When Daunte Wright called his mother shortly before he was shot by former Brooklyn Center Police Officer Kim Potter, he told her he was being pulled over for an air freshner.
It turns out, he was pulled over for expired tabs even though there were delays of multiple months to obtain tabs due to the coronavirus pandemic.
Reporter Nicholas Bogel-Burroughs of The New York Times reported police had added two rows of fencing, on which protesters were hanging air freshners.
Some new additions in Brooklyn Center, Minnesota, tonight:
• Two rows of fences in front of the police department
• Roads blocked off by police in all three directions
• Protesters have hung air fresheners to the fence pic.twitter.com/Kw6V0yrxJn
— Nicholas Bogel-Burroughs (@NickAtNews) April 16, 2021
Fox 9 anchor Karen Scullin posted video showing a large number of air freshners hanging from the outer fence.
Demonstration smaller - vocal - 2 layers of fencing https://t.co/QpUHhql2xd— Karen Scullin FOX9 (@Karen Scullin FOX9)1618535982.0
On Thursday, writing for Slate, Aymann Ismail blasted Capitol Police leadership following the new watchdog report that revealed how, ahead of and during the Capitol insurrection, higher-ups ordered officers to stand down from their most effective riot control methods even as they pleaded for backup.
"I expected police in military gear and a response as aggressive as I've come to anticipate covering and observing protests over the past year, where a single water bottle thrown at a cop line can bring a volley of tear gas and percussion grenades in retaliation," wrote Ismail. But instead, "I'd never seen law enforcement show this level of restraint at any protest, much less a riot."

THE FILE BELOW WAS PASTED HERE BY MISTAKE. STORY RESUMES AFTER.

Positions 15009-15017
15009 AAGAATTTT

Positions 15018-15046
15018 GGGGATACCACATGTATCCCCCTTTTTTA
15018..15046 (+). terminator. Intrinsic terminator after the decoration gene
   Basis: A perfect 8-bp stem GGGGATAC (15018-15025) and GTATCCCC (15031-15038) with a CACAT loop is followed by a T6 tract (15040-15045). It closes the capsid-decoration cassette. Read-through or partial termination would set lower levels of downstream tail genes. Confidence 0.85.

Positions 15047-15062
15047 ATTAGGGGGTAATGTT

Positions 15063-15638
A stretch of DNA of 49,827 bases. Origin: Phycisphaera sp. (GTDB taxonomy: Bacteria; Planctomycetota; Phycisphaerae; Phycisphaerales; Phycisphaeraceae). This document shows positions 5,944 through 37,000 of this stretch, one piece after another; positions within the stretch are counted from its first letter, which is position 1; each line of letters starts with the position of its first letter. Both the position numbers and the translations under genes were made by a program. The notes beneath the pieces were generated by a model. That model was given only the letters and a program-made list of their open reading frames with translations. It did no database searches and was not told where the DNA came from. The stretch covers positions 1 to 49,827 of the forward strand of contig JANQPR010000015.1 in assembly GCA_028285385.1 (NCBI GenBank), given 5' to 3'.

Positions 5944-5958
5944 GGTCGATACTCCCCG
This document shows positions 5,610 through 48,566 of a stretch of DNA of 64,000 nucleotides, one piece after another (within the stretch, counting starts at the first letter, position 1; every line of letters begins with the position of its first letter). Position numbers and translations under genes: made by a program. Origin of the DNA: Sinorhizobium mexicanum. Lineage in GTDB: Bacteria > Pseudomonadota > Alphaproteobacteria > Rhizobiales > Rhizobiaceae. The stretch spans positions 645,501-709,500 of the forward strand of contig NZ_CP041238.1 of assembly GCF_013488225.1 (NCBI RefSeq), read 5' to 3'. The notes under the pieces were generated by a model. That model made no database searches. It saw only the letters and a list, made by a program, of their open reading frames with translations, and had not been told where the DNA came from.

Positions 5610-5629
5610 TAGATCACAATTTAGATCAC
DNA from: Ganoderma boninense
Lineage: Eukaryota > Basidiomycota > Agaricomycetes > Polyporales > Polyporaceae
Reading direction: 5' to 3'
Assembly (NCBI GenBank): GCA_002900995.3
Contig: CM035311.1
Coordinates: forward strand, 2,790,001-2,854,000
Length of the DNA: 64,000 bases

As Ismail noted, inspector general Michael Bolton "found that Capitol Police leadership dismissed threat assessments and forbid rank-and-file officers from appropriately responding to the threat" even though the agency's own intelligence noted that "Congress itself is the target on the 6th" and "Stop the Steal's propensity to attract white supremacists, militia members and others who actively promote violence may lead to a significantly dangerous situation for law enforcement and the general public alike." The officers were told not to use stun grenades and were given faulty equipment, including shields that shattered on impact with rioters' weapons.
All of this, wrote Ismail, spoke to how the pro-Trump rioters were subject to a completely different standard of law enforcement than that brought to bear against Black Lives Matter protesters.
"I have no idea what was in the heart of the former police chief or his leadership, but his and others' actions seem to fit a pattern that any hyphenated American is very familiar with, the chasing of perceived threats and the abandoning of evidence-based policing based on stereotypes, or just plain racism," wrote Ismail. "Not only does that drive a dagger through a community's trust in law enforcement, but it's also proven to be an obstacle in hindering actual police work. As much as this new report reveals, it leaves a fuller institutional reckoning with what happened on Jan. 6 for another day."
You can read more here.